Scientist of the Day - Freeman Dyson
Freeman Dyson, a British-American physicist, was born Dec. 15, 1923. Dyson made a number of important contributions to quantum theory, especially to the branch known as quantum electrodynamics, or QED. Richard Feynman is the best-known figure in this field, but when he first proposed his Feynman diagrams in 1948, other physicists did not see any purpose in Feynman’s unfamiliar technique, and it was Dyson who demonstrated the value of Feynman’s approach and his diagrams, and their compatibility with the other QED theory of the time, that of Julian Schwinger. Dyson was so good at it that for a time the diagrams were called Feynman-Dyson diagrams, and sometimes just Dyson graphs. However, explaining Feynman diagrams is far beyond our skill set, so we will just show you here Feynman’s Dodge van, which he decorated with Feynman diagrams, making his vehicle quite easy to spot as he tooled around Pasadena (second image, below) We showed a different photo of this photogenic vehicle in our post on Feynman four years ago.
Fortunately for the non-physicists among us, Dyson had many other interests besides QED, interests that are quite comprehensible to laypersons, such his concern with the future of the human race, and with the possible existence of civilizations other than our own in our Galaxy. He published several books for the educated public that are just brimming with thoughtful musings about how civilizations might and should advance, how we might detect them from here, and what might be the most economical way for a civilization to expand outward into space. The first book was Disturbing the Universe, published in 1979, after the two Voyager spacecraft had been launched from Earth, but just before they encountered Jupiter (third image, below). That was 42 years ago. I read the book when it first came out, and I reread it last year, sure that it would seem hopelessly out-of-date, as futurist manifestos usually appear when viewed from the future. I was surprised to discover that Dyson’s arguments are just as sensible and provocative now as they were the first time.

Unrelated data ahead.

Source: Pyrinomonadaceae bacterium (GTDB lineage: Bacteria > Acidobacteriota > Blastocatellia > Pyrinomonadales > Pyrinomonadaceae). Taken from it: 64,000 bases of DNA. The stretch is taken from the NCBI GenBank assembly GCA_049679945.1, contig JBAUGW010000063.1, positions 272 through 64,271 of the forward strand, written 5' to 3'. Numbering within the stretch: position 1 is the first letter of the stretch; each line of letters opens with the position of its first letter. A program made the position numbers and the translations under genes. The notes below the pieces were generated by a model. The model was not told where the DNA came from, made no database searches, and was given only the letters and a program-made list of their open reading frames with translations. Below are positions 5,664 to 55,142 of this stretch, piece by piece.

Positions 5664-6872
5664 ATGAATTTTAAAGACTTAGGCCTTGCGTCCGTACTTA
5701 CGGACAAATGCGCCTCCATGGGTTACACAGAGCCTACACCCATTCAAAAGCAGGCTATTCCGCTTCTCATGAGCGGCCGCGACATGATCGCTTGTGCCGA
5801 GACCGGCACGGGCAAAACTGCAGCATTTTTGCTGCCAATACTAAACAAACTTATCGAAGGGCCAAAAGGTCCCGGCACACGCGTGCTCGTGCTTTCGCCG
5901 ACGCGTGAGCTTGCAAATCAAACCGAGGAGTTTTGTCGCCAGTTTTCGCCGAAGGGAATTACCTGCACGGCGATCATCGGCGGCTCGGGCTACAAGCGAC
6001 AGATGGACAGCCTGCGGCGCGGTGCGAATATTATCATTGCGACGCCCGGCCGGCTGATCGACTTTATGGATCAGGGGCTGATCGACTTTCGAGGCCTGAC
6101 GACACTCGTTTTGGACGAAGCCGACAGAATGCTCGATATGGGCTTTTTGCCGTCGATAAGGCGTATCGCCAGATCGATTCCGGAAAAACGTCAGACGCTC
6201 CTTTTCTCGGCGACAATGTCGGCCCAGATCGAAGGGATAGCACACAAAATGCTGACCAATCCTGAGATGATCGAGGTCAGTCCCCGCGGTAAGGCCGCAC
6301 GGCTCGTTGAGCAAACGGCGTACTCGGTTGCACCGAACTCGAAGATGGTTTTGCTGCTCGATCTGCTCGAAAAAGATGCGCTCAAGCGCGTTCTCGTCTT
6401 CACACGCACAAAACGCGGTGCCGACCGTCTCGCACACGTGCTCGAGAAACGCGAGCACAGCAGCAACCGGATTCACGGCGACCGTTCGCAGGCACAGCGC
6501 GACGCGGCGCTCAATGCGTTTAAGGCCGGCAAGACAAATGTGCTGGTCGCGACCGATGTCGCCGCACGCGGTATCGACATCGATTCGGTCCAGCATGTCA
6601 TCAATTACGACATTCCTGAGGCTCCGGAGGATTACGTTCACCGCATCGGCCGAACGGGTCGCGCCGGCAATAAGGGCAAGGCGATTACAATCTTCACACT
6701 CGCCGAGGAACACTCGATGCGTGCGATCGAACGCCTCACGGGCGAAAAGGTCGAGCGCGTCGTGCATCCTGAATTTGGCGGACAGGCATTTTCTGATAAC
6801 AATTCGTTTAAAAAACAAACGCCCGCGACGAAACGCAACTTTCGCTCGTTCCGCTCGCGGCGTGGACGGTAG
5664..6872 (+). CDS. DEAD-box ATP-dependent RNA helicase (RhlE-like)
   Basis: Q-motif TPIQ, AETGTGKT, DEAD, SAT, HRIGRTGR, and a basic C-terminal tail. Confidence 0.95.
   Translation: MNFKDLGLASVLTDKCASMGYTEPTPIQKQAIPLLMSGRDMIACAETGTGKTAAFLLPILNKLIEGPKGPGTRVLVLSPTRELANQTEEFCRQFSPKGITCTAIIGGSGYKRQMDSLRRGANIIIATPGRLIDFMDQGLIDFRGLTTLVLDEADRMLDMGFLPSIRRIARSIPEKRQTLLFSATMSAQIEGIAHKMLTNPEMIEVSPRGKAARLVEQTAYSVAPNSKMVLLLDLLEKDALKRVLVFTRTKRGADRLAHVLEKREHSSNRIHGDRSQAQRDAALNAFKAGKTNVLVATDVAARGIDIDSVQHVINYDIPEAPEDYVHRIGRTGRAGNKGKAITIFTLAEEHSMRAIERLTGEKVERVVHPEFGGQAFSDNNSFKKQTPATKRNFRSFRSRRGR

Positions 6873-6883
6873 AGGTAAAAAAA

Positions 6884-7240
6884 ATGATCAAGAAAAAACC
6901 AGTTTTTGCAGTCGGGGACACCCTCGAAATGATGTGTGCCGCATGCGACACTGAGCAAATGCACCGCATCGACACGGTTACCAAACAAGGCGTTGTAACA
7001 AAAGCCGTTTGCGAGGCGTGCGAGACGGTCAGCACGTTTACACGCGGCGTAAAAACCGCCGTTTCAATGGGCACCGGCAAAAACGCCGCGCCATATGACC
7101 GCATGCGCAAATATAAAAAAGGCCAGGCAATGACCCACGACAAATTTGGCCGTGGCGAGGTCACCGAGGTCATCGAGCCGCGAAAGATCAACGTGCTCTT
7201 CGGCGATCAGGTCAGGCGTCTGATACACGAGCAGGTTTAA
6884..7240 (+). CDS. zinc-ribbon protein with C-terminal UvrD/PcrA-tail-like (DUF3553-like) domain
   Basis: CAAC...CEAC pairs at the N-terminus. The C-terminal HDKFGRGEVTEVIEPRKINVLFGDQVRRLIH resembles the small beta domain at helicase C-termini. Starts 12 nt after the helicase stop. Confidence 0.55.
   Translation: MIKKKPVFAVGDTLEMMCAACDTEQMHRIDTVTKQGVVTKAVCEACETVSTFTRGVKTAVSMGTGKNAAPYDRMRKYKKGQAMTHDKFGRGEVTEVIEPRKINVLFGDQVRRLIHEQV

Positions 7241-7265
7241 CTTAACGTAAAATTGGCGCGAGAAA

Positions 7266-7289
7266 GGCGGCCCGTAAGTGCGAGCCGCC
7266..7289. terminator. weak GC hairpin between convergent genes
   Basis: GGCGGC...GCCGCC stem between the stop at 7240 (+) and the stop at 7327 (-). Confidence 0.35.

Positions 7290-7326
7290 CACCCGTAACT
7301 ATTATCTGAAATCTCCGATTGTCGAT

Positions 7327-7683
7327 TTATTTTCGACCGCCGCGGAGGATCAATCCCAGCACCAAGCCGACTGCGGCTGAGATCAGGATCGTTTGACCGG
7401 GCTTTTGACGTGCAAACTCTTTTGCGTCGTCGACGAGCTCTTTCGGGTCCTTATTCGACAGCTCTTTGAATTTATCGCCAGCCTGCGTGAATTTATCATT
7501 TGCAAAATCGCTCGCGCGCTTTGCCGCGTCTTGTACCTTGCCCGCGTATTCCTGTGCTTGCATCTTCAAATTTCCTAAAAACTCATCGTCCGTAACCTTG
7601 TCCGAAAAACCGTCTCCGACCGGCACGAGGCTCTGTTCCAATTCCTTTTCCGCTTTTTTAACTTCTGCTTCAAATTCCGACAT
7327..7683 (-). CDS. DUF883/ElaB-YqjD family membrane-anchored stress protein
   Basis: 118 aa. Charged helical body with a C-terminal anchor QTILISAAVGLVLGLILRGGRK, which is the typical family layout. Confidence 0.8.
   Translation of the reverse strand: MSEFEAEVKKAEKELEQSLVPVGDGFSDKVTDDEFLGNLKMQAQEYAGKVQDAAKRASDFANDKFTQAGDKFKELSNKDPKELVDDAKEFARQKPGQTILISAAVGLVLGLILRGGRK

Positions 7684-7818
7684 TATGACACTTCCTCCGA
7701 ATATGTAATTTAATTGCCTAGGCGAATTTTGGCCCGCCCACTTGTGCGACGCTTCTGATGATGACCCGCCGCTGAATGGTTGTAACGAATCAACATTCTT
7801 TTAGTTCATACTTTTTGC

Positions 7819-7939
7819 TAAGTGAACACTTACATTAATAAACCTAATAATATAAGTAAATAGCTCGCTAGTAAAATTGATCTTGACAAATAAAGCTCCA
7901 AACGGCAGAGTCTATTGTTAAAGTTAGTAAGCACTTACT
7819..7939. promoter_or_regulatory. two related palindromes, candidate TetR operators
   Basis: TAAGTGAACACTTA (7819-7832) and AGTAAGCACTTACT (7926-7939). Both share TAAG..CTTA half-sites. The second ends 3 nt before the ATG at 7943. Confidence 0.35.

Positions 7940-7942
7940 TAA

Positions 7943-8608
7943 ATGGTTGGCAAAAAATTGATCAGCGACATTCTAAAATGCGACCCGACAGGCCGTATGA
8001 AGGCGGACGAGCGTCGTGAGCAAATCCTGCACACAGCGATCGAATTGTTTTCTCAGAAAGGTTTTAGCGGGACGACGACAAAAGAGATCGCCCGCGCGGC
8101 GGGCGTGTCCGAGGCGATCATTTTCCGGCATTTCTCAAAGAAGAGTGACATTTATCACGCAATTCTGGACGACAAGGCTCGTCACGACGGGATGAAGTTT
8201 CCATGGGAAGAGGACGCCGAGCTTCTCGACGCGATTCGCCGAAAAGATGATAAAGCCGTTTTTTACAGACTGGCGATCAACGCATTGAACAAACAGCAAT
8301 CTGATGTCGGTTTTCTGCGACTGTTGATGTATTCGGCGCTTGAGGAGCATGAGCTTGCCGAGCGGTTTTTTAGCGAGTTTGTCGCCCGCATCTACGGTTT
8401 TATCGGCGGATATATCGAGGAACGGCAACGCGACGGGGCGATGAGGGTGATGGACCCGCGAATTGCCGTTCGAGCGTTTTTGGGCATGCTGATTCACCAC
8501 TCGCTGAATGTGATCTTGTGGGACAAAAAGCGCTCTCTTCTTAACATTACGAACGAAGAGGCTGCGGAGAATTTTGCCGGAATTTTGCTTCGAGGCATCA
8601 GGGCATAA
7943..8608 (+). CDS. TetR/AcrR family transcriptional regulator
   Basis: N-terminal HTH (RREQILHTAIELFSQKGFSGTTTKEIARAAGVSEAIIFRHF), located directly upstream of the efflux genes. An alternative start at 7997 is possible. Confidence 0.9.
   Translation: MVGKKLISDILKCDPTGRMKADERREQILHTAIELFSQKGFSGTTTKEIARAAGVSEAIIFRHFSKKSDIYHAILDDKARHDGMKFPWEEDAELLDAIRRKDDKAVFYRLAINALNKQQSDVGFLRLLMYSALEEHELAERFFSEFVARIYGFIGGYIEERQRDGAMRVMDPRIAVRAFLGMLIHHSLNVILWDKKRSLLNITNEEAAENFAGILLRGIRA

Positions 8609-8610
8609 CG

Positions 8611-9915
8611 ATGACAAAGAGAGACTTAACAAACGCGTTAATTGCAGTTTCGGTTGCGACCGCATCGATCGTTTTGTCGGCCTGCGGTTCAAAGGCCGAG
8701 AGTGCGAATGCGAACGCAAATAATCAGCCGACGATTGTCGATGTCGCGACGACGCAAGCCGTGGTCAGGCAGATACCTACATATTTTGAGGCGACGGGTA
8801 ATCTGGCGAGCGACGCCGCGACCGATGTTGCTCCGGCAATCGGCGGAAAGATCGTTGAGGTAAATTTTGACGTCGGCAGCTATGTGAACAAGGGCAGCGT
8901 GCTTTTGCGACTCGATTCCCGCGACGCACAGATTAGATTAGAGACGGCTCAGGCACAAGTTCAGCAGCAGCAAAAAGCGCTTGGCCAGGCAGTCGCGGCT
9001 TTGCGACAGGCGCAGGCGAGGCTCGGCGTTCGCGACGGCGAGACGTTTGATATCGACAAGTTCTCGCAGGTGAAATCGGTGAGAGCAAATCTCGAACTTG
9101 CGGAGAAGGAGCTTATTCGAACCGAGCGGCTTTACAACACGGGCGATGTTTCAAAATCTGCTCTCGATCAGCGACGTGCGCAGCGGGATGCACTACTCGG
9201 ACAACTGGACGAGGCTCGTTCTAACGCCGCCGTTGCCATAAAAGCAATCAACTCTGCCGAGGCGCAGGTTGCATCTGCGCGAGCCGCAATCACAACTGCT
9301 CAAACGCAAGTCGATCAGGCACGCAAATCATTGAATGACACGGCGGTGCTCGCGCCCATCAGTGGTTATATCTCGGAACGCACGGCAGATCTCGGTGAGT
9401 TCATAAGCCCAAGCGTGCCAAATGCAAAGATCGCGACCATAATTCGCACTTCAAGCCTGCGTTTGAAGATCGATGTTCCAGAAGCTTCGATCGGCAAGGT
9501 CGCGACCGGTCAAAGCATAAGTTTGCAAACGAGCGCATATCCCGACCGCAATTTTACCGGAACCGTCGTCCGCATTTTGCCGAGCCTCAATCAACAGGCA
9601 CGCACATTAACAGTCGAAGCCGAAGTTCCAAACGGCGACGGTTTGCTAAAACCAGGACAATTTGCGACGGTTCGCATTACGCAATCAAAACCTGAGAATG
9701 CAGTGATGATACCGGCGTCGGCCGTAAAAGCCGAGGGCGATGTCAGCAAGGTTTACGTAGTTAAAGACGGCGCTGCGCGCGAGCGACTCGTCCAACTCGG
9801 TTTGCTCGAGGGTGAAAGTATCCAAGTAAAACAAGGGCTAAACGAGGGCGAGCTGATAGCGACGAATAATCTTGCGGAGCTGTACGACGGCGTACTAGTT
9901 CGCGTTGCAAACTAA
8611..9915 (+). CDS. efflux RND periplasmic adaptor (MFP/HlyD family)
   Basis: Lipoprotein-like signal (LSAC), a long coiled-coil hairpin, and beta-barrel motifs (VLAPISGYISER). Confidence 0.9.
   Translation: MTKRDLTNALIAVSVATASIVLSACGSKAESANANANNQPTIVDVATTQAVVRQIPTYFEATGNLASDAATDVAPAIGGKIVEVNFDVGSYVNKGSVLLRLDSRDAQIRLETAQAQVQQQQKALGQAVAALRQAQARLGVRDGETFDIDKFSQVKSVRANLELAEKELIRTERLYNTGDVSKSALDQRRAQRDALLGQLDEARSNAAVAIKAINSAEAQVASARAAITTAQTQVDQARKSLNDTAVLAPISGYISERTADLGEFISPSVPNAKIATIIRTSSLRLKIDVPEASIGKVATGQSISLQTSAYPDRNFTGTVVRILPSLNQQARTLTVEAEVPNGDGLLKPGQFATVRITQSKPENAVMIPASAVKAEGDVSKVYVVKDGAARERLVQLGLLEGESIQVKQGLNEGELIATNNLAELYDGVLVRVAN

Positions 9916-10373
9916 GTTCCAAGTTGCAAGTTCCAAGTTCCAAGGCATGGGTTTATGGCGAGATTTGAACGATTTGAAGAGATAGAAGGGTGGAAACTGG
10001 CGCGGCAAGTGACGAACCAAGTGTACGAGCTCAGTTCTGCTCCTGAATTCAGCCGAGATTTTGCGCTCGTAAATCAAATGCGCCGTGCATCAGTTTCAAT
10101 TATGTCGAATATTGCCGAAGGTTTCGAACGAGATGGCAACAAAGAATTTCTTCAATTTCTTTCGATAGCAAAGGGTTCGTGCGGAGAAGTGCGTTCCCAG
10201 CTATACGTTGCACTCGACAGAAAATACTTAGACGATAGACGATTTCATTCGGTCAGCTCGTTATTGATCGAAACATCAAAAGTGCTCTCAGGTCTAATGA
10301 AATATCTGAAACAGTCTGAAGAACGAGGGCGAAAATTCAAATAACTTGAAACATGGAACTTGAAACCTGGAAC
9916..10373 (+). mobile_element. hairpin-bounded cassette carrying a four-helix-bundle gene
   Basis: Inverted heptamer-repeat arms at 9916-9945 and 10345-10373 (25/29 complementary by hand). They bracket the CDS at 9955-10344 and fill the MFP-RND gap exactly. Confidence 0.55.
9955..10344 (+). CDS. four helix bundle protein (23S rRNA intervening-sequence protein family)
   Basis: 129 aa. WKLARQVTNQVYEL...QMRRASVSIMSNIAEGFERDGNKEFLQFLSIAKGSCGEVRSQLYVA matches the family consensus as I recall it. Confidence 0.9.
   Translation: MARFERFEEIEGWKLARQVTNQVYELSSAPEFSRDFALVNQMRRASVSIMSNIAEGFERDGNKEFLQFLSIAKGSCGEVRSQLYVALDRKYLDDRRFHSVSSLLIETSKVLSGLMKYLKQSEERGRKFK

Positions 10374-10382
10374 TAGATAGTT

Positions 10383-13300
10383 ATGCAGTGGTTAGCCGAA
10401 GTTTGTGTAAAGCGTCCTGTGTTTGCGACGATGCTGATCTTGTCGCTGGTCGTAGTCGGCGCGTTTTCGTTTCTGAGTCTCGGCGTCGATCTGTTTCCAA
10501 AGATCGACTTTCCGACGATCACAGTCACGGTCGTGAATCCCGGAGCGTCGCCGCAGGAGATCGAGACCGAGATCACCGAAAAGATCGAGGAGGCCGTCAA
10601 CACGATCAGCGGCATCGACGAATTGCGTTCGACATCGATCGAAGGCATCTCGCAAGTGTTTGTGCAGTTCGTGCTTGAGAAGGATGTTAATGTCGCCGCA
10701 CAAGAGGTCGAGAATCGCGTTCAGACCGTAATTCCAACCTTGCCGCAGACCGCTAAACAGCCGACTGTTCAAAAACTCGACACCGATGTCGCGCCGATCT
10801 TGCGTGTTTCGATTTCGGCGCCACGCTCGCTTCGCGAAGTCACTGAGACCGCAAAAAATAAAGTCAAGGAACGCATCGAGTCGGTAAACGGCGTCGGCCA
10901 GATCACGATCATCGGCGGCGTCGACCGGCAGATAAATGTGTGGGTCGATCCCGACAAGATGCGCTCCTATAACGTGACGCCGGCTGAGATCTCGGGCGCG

One of Dyson’s more influential observations was that any advanced civilization will quickly move to harness the entire energy output of its star, perhaps by building a vast shell around the star that could then be used to convert solar energy into other forms, such as electricity. This shell (which Dyson first proposed in a short paper in Science in 1960) has come to be known as a "Dyson sphere" and has been the subject of several science fiction novels, such as Orbitsville, by Bob Shaw (1975). Dyson thought that a Dyson sphere would have a peculiar optical signature from far away, glowing in the infrared region of the spectrum, and that searches for extraterrestrial intelligence ought to include a search of the infrared (a suggestion which has since been implemented). We show here is an artist’s conception of a Dyson sphere in the process of construction around our Sun (fourth image, below).
Another intriguing Dyson idea concerned the best way to design spacecraft. Dyson was critical of NASA's fondness for large, clunky, expensive spacecraft sent out very infrequently; he preferred spacecraft that are opposite in every way – small, inexpensive, numerous, robotic, able to utilize materials from the places they visit, perhaps even self-replicating. He gave the name Astrochicken to such a tiny wandering automaton, suggesting that we ought to fill the solar system, and eventually our part of the Galaxy, with tens of thousands of these seekers. The interesting question, then, is have we been visited by someone else’s astropoultry? Encountering such tiny low-cost probes would seem more likely than running into flying saucers.
The other book by Dyson that I have read is Infinite in All Directions (1988), and it is just as delightful and thought-provoking as Disturbing the Universe. Dyson has written several more recent books for the general public, such as The Sun, the Genome, and the Internet (1999), which have been well reviewed, but I have not read them. His most recent book, which I also have not read, is Maker of Patterns: An Autobiography Through Letters (2018), but it should be worth a perusal, as Dyson was one of the last of a vanishing breed – the weekly letter writer. It is, alas, our last Dyson book, since he died on Feb. 28, 2020, at the age of 96, after spending almost 50 years at the Institute for Advance Study at Princeton, and the last 26 in a very active retirement.
There are many portraits of an elderly Freeman Dyson on the web, if you are interested in seeking them out. We show here a photograph of the much younger physicist, which was published with his obituary in Nature (first image).
In 1948, Dyson drove from Cornell to Albuquerque with Feynman, just the two of them, for four days and nights. Oh, to have been a sentient fly on the dashboard of that car!
Dr. William B. Ashworth, Jr., Consultant for the History of Science, Linda Hall Library and Associate Professor emeritus, Department of History, University of Missouri-Kansas City. Comments or corrections are welcome; please direct to firstname.lastname@example.org.